Do I Pay Taxes on Workers’ Comp?
April 4, 2019
With the tax filing deadline quickly approaching, many are wondering whether they must pay taxes on their workers’ comp benefits. The short answer is no – under both federal and Pennsylvania law, workers’ compensation benefits are not taxable.
However, there is one exception to that tax-exempt status when it comes to Social Security Disability Insurance (SSDI). The knowledgeable Philadelphia workers’ compensation lawyers at Larry Pitt & Associates, P.C. can answer all your workers’ comp-related tax questions, including what is considered taxable income.
Workers’ Comp Benefits are Not Taxable
According to IRS Publication 907, workers’ compensation for occupational sickness or injury is not taxable if paid under a workers’ compensation act or similar law. Under the Pennsylvania Workers’ Compensation Act, employees may receive several types of workers’ compensation benefits, including payment for:
- Medical expenses – Workers are entitled to compensation for reasonable medical expenses associated with their work injury, such as the cost of medications, treatments, and surgeries.
- Wage loss – Those who miss more than seven days of work are eligible for disability benefits, the amount of which will depend on the worker’s pre-injury wages and the severity of the injury.
- Vocational rehabilitation – Assistance with finding another job may be available for workers who are unable to return to the jobs they had before they suffered their injury.
- Specific loss – Certain severe injuries such as amputations and facial disfigurement may qualify a worker for additional specific loss benefits.
- Death – If a worker dies due to their work injury, that worker’s dependents may receive death benefits, including compensation for up to $3,000 in funeral expenses.
Social Security Disability Insurance (SSDI) Exception
Workers who are receiving both workers’ compensation and SSDI benefits may have to pay taxes on a portion of their workers’ compensation benefits to offset the amount received through SSDI. This “workers’ compensation offset” is because the combined amount of workers’ comp and SSDI may not exceed 80 percent of a worker’s average weekly earnings.
A worker’s average earnings are determined by which of the following is the highest of:
- The average monthly wage used to calculate the SSDI benefit amount
- An average of the worker’s earnings from his or her highest five years in a row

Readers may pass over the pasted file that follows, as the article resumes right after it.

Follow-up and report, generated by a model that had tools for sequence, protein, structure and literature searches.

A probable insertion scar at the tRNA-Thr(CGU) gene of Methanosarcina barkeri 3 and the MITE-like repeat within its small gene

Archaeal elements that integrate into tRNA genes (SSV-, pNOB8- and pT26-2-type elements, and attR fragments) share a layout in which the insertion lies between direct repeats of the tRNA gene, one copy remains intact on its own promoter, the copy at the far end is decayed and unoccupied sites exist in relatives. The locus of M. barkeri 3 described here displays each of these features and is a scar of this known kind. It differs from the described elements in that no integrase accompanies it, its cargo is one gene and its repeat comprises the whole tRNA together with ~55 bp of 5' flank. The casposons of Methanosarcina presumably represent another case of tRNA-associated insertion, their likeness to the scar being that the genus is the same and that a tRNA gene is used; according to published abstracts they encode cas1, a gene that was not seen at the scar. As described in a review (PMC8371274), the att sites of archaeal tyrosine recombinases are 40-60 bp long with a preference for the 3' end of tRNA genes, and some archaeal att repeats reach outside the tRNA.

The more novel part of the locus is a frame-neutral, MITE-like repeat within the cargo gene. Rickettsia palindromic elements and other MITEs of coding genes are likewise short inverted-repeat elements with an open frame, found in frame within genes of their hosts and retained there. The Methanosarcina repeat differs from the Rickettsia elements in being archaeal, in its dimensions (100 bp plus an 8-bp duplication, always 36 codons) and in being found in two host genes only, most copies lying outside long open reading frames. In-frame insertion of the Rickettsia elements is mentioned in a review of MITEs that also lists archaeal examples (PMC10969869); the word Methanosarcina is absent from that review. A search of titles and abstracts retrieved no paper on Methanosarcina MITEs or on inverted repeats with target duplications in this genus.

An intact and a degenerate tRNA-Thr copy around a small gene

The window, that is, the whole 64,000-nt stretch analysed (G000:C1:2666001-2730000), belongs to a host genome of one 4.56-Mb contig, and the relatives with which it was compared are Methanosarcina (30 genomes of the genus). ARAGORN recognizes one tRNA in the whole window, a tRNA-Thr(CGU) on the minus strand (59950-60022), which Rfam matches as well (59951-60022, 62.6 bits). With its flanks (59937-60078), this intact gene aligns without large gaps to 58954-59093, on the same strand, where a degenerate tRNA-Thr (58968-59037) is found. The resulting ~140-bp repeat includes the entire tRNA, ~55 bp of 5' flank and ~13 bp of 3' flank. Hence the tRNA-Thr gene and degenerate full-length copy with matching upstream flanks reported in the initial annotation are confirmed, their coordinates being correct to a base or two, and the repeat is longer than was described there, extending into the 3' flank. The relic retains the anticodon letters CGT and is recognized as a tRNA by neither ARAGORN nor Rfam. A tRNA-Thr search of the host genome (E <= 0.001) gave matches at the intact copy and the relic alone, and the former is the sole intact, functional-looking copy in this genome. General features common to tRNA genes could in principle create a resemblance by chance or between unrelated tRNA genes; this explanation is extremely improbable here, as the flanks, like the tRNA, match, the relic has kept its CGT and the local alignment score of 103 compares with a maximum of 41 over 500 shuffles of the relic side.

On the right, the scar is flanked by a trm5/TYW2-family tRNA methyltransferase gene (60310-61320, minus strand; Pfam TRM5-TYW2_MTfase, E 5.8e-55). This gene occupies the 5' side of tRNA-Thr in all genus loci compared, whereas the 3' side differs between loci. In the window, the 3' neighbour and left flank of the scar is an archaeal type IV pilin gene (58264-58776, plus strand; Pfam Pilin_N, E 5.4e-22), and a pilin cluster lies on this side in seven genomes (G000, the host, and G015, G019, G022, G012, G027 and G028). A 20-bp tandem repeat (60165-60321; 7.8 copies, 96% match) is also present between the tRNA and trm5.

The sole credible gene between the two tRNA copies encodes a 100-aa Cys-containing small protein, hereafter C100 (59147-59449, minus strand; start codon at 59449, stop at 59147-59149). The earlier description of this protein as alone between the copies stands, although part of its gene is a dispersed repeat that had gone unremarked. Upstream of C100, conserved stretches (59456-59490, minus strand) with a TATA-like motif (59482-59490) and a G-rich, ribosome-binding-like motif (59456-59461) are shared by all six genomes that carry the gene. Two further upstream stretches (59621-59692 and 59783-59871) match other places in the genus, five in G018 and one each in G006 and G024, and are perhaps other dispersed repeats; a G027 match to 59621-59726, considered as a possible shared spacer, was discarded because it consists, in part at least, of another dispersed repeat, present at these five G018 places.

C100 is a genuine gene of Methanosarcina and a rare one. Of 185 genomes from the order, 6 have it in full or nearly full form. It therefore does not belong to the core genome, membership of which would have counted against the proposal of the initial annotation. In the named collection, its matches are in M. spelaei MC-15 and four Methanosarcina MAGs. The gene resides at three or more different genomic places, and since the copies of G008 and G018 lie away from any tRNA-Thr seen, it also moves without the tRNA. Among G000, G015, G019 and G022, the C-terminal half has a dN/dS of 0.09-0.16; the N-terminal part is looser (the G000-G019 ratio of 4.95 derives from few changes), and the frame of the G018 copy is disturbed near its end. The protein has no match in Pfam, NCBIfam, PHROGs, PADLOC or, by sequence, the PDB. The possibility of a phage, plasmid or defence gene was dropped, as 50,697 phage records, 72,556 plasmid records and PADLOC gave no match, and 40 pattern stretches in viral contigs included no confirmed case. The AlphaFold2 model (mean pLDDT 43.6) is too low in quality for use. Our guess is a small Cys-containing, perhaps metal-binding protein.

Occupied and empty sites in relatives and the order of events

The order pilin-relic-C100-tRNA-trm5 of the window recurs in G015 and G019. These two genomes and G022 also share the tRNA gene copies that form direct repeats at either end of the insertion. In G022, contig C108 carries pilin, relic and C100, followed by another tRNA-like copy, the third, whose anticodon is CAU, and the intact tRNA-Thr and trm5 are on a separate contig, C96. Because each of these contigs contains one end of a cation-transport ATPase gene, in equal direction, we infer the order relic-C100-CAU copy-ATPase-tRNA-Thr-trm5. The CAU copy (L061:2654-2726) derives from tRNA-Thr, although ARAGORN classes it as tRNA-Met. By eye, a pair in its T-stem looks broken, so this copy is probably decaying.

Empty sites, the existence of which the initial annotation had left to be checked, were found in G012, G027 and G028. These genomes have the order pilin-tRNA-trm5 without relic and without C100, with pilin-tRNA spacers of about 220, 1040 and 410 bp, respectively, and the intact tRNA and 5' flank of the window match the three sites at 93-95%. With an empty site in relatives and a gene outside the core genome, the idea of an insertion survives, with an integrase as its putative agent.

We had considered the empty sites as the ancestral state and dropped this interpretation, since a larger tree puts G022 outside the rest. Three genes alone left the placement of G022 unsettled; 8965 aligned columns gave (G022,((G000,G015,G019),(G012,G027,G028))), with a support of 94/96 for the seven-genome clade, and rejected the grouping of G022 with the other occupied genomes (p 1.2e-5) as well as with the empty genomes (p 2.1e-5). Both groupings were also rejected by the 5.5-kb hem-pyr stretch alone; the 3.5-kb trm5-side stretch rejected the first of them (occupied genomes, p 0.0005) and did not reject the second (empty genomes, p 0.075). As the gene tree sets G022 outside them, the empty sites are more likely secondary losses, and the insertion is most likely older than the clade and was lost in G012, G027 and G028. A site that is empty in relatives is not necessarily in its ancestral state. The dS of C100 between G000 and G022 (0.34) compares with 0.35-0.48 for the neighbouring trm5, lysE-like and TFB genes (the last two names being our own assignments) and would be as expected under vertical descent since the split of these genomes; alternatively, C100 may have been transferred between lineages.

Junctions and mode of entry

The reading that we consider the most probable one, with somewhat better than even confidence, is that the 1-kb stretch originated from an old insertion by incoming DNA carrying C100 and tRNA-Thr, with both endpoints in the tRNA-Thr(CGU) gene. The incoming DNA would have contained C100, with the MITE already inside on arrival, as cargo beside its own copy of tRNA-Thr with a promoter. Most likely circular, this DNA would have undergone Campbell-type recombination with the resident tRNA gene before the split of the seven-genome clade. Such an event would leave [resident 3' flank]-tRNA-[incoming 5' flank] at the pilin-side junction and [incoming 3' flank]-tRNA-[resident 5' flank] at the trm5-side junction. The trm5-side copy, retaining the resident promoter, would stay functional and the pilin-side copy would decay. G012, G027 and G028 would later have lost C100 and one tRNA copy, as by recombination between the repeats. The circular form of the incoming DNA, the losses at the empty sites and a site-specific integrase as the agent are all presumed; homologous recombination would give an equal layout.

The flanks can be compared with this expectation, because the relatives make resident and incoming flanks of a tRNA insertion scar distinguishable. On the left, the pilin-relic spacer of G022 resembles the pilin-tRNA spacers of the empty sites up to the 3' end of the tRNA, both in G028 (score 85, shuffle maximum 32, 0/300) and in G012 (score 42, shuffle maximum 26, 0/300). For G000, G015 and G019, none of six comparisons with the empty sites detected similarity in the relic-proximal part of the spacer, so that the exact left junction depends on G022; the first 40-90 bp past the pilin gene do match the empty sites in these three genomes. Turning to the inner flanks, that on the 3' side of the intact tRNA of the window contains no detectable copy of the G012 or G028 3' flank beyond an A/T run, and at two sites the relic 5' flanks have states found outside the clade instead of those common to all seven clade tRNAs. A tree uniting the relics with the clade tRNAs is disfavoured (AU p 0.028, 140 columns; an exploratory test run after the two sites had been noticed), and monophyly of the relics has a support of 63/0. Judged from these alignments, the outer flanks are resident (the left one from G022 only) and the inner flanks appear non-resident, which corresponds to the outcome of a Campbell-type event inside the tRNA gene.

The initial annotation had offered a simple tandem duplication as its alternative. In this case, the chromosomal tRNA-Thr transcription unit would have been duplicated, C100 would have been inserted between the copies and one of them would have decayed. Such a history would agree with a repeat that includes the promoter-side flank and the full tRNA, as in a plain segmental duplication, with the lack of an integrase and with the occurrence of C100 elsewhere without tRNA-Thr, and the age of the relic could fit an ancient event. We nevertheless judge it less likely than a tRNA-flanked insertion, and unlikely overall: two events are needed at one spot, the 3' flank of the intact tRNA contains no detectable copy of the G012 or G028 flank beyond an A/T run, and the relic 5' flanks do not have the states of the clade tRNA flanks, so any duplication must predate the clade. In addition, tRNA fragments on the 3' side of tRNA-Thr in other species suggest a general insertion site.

- The average monthly earnings from either the year before the disability occurred or any of the five previous years
If the total of a worker’s SSDI benefits and workers’ comp benefits exceeds 80 percent of their average weekly wages, the worker’s SSDI benefits will be reduced until it is under the limit.
Lump Sum Workers’ Compensation Settlements
Workers’ compensation benefits, including compensation for medical expenses, wage loss, vocational rehabilitation, specific loss, and death are not considered taxable income. Lump sum settlements are also tax exempt but may still be subject to the SSDI exception. However, an experienced attorney can help workers draft settlement agreements in a way that minimizes workers’ compensation offset.
Philadelphia Workers’ Compensation Attorneys at Larry Pitt & Associates, P.C. Help Workers With Tax Issues
If you have any questions regarding the best way to proceed with your work injury claim, contact a Philadelphia workers’ compensation attorney at Larry Pitt & Associates, P.C. We have over 35 years of experience assisting workers in Philadelphia and throughout Pennsylvania. For a free consultation, please complete our online contact form or call us at 888-PITT-LAW.
Located in Philadelphia, we represent clients in and around Pennsylvania, including those in Abington, Ambler, Ardmore, Bala Cynwyd, Bensalem, Clifton Heights, Crum Lynne, Darby, Downingtown, Doylestown, Drexel Hill, Essington, Folcroft, Glenolden, Haverford, Havertown, Holmes, Kutztown, Lansdowne, Media, Merion Station, Morton, Narberth, Norristown, Norwood, Philadelphia, Prospect Park, Quakertown, Reading, Roxborough, Sharon Hill, Upper Darby, West Chester, and Wynnewood.